|No Matter: Humanist
Scholarship in the 1990s
To be a humanistic scholar in the 1990s is to be a bit of flotsam swirling in a backwater of history's river, swept aside by the main stream of global capitalism, technological profiteering, and heroic self-promotion. Ours is not an age for thinkers. Literary studies are particularly bankrupt; there is no more careful textual scholarship left to do, and no ideas but ideological claptrap. History rumbles on, because the texts are infinite and there is always more work to do, but big issues seem few and far between. Philosophy has split into bits that seek to merge with science, such a logic and studies of the mind, and historical studies. Grouchy conservatives moan on about the spread of relativism and the denial of meaning, blaming the decline of rigor on everything from left-wing politics to Heidegger to rock music. The real issue, it seems to me, is boredom. Scholars embrace outlandish ideas because those are the only ideas we have that aren't worn out from centuries of use.
Yet the system demands that scholars publish, and publish they do. They publish so much that nobody can read the tiniest fraction of it, even within a single discipline. To get into print they must convince somebody that their work is new, and when this can't be done by dressing up old ideas in revisionist language--the "New Historicism," the "higher naiveté"--one has to fall back on saying something the editor or reviewer hasn't heard before. Given the enormous mass of material in the libraries of the world, the chance that any new idea will actually be good or insightful is woefully small. In history, again, one can always come up with something new by sufficient digging in sufficiently obscure archives, so the historian's curse is not absurdity but irrelevance; it is a rare book on, say, the trade union movement in Sheffield in the 1870s that actually leaves one feeling more knowledgeable about the nineteenth century for having read it.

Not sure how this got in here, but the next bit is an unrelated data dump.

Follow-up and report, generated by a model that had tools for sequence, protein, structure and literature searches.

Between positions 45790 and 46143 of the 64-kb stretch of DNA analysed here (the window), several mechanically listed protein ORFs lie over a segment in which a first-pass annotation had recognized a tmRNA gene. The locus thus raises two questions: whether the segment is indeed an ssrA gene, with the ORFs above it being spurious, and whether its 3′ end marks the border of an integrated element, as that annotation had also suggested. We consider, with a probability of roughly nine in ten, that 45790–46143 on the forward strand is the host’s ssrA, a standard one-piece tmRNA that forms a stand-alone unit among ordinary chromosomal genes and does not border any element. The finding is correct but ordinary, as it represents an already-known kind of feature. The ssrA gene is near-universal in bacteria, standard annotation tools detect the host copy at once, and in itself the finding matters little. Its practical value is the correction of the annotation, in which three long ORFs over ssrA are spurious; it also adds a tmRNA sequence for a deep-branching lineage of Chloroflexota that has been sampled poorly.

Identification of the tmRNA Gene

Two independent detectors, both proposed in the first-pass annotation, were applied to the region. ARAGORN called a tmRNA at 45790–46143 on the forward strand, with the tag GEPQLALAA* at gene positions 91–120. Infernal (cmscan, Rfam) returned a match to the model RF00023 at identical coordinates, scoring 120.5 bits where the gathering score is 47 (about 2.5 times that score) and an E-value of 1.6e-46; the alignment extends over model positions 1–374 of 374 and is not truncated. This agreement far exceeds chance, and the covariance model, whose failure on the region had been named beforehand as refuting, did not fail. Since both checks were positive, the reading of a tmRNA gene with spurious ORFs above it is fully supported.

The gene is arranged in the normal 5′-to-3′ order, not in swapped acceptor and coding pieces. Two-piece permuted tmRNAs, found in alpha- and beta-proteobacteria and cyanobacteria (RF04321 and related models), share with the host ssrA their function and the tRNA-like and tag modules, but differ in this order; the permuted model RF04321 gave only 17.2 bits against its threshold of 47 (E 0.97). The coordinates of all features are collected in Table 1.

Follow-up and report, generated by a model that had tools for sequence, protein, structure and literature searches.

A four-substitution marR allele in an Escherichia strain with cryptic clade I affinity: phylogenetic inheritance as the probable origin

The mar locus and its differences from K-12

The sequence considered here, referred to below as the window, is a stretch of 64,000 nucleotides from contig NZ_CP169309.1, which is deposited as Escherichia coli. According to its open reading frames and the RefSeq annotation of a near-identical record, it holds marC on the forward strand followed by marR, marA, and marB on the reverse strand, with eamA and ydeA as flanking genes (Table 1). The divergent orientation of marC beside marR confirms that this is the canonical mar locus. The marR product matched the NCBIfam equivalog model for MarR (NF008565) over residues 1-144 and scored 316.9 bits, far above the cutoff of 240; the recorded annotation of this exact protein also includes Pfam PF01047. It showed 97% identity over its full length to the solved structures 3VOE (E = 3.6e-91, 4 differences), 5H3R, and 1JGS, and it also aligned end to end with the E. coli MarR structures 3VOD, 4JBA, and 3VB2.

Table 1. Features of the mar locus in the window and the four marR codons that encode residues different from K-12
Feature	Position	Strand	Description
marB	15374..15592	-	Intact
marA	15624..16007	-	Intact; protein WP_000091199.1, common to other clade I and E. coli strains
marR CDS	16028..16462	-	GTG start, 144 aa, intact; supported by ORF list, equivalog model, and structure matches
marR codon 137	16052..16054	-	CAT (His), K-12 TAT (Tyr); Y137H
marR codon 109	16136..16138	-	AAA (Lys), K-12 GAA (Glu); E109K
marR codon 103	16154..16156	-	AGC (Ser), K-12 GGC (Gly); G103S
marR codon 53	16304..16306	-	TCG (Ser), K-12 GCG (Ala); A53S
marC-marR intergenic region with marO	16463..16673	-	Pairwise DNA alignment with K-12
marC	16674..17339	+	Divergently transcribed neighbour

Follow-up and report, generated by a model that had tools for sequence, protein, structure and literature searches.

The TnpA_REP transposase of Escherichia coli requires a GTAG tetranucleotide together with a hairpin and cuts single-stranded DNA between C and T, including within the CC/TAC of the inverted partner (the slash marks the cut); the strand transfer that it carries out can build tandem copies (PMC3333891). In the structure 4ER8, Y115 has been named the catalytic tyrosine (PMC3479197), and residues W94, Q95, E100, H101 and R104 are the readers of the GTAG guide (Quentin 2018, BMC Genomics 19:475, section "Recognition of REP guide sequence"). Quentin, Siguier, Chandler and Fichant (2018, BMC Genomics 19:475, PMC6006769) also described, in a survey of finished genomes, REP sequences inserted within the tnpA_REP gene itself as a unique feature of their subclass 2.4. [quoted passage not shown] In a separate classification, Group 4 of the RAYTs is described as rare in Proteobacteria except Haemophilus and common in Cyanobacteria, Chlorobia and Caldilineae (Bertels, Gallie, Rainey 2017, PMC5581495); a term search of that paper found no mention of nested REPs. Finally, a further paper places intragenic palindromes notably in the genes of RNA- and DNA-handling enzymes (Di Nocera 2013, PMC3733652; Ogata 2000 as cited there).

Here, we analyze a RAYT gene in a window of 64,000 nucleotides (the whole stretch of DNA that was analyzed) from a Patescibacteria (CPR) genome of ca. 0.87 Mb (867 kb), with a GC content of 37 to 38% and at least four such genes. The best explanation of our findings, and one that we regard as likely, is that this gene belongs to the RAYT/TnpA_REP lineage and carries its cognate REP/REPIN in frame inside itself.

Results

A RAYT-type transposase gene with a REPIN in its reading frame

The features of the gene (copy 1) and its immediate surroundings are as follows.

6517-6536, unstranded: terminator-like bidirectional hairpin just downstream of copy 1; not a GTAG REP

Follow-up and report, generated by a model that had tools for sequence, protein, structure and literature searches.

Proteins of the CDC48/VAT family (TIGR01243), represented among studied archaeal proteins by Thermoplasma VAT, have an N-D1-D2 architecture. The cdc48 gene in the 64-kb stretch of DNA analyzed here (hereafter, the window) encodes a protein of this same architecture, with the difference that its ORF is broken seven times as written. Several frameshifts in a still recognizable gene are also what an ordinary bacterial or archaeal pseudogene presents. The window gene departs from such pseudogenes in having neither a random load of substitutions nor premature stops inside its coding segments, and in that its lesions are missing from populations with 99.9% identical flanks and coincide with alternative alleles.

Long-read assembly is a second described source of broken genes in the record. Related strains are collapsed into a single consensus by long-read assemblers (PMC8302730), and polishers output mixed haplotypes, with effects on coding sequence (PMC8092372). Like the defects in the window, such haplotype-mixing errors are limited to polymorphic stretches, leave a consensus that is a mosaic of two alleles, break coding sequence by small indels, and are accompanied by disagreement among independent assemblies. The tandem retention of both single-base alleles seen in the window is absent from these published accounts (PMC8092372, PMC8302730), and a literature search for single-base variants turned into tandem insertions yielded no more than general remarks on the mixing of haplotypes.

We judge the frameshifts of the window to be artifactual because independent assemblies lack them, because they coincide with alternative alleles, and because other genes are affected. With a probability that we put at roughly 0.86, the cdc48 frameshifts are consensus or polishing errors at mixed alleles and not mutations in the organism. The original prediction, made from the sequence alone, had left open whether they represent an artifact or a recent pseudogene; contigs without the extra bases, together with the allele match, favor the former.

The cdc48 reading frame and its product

I don't mean to say that there is nothing more to be done in humanistic studies. I think, on the contrary, that we can't perceive even the outlines of the answers to our biggest questions. What was it like to be, say, a medieval peasant? A noble woman of fifteenth-century Florence? A Chinese bureaucrat forced to submit to European imperialism? What can the fictions written by such people, or paintings of or by them, tell us about their interior worlds? To what extent are we the captives of historical forces beyond our control, speaking lines written by the age and situation into which we were born? Can we ever truly understand people of other cultures and other ages? Are there points of view, such as the artist's, or the woman's, or the aristocrat's, that have something in common across the cultures of world history? Can the experience of being human ever be put on paper, in any form?
I have read, and I still sometimes read, books and articles that make me feel closer to the answers to these and other questions. Yet I often have the sense that the successes of our scholarship are more accidental than planned, and that our system is set up more to foil true understanding than to promote it. Because I think the confusion of humanistic studies is but one part of the confusion of our whole age, I am not optimistic that the situation will get better any time soon. But let us fight for sanity wherever we may, and struggle against the worst sorts of nonsense even when we suspect that their own authors do not take them seriously. We may not have the answers, but at least we can demand honesty and a reasoned approach to learning, for without those things we have nothing at all.
February 3, 1999
"I abhor the dull routine of existence. I crave for mental exaltation."